Until not so very long ago, Martha Grimes’s Richard Jury series used to be one of my standard “go to” mystery series; it had everything that I’m looking for: well-constructed puzzles, great characters and settings, snappy dialogue, and plenty of sardonic humor. (Also, if you thought that Elizabeth George was the first American novelist to set a mystery series in Britain and get away with it, think again: Grimes was there before her, by almost a full decade.) Somewhere along the way, though, something got lost; and while Grimes — I think — still keeps plugging away at the adventures of Richard Jury, Melrose Plant and their manifold cohorts, I have stopped reading her books: they’re just not working for me anymore. For her birthday, though, I decided to go back to the very beginning and revisit books nos. 1 and 2 of the series, which have always been among my particular favorites and still are after this reread.
Grimes’s Inspector Jury series is one of those book series whose titles all follow a particular theme; in this instance, it’s unusual pub names. No “Crown,” “Anchor,” or “Queen’s Head” here; every novel features a pub whose name is identical with the novel’s title (as well quite possibly, also a few other idiosyncratically-named pubs); and the pub’s name, in turn, usually contains a clue for the mystery’s solution — or at least, it does so in the series’s early installments. In this first book, we meet not only Inspector Richard Jury and his chronically hypochondriac Sergeant Wiggins, but also half the population of Long Piddleton, aka “Long Pidd” (Northamptonshire, or Northants for short), where Jury is sent when two dead bodies are found at or near one of the local pubs (you guessed it, the one the book is named for): first and foremost, we also meet Melrose Plant (moneyed, green-eyed Francophile, drinker of Old Peculier, record-speed-Times-crossword-solver with a sideline occupation as a Professor of French literature), who would be the local squire if he hadn’t resigned his hereditary title as the eighth Earl of Caverness for reasons known only to himself, and Melrose’s American aunt by marriage, Agatha (insatiable guzzler of scones and incorrigible mispronouncer of non-intuitive English names; torn between the regret that her nephew-in-law no longer holds an earldom and triumph over the fact that, as his uncle’s widow and self-styled Lady Ardry, she now conceivably outranks him; with her beady eye always firmly on the riches displayed at his manor house of Ardry End, which to her infinite chagrin she is not destined ever to own). Like some of the other denizens of Long Pidd, who are all destined to become recurring characters in the series, Melrose Plant and Aunt Agatha are regulars not at the Man With a Load of Mischief but at its rival establishment, the Jack and Hammer, from where they merrily follow the investigation; or rather, everybody else looks on, while Melrose seizes the opportunity to escape the boredom of a rural winter with both hands, and Agatha enviously but futilely tries to insert herself into Jury’s and Wiggins’s job in turn. Another recurring feature of the series are lost, lonely, or real or de-facto orphaned children (mostly boys), with whom Jury — in contrast to Melrose Plant — instantly establishes a connection: Jury is a war orphan himself; we later learn that he lost his mother in the London Blitz, and he has spent part of a childhood in an orphanage. In this first novel, the children in question are the “Doubles” (so named because they’re both called James, or at least that’s what they claim); they are not quite as prominent as some of the children in the subsequent books, but there’s hardly a Jury novel without them.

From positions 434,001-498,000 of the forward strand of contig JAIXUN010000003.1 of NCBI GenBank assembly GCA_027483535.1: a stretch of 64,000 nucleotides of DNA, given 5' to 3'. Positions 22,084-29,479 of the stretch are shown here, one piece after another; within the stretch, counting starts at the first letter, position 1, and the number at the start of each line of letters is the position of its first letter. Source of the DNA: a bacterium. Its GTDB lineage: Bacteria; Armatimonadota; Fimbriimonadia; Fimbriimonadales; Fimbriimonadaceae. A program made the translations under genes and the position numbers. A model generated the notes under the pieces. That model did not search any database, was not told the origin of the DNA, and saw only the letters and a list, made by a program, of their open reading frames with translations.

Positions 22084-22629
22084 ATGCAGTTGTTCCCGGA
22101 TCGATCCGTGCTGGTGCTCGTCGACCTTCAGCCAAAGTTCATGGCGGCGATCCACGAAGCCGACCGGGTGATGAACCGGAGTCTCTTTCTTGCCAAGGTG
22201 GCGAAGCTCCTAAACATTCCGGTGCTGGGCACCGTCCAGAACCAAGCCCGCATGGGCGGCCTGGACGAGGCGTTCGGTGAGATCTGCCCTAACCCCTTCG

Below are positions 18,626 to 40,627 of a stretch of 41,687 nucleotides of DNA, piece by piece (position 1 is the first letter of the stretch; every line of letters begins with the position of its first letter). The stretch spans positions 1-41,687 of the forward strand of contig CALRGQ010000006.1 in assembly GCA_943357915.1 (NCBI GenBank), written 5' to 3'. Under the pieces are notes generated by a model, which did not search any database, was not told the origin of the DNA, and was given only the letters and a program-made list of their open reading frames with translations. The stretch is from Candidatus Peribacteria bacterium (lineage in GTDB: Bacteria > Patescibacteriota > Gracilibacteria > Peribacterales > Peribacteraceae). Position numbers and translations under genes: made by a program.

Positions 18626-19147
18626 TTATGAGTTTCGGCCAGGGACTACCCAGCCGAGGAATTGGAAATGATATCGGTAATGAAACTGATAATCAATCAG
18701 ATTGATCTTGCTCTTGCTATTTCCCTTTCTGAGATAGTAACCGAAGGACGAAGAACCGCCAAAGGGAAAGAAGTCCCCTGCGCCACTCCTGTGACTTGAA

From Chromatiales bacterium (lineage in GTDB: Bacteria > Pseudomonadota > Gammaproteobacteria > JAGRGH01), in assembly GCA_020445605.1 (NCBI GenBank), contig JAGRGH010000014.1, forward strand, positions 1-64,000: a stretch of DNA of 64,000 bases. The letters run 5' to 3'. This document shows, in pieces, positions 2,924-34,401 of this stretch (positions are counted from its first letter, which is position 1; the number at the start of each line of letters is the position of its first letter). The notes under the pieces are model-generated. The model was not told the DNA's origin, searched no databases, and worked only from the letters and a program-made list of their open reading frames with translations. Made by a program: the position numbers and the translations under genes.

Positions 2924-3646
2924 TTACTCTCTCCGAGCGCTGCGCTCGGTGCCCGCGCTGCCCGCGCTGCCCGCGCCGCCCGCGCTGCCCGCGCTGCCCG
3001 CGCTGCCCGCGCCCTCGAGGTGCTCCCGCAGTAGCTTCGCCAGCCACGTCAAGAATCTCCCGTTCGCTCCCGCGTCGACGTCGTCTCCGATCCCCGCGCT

As the novel’s (and the pub’s) title implies, there is quite a bit of back story to the murders; and you have keep your eyes open in order not to miss the clues that Grimes sprinkles throughout. The first two deaths are followed by several others, to the point that eventually Jury not only has to divide his time between his police work and keeping Agatha at bay, but on top of everything he is eventually also saddled with his equally stupid and irascible boss at Scotland Yard (aptly named Racer), who shows up in Long Pidd in time for the discovery of the final body and, when Jury shortly thereafter collars the killer, all but steals the Inspector’s thunder in the press.
Grimes is no stranger to the deliberate use of cliché in characterization; this isn’t only true for Racer but also, e.g., for Long Pidd’s resident antiquarian, Marshall Trueblood, who is flamboyantly gay (he insists the flamboyance is only an act put on because his customers expect it, but it does carry over into his behavior when among friends), as well as for a number of other eccentric characters that will be introduced later in the series. This is balanced off, however, in the early books at least, by her genuinely sensitive portrayal of Jury’s London neighbor Mrs. Wasserman, a Jewish WWII survivor, whom her life experience has made distrustful of everyone and everything, and who finds great comfort in living in the same building as a policeman with the Met. So, a few 1980s (in)sensibilities do crop up, but I nevertheless still love this series — and the earlier books, in fact, much more than the later ones, where Grimes sacrifices part of the snappiness of the earlier books’ dialogue and characterization for the sake of political correctness.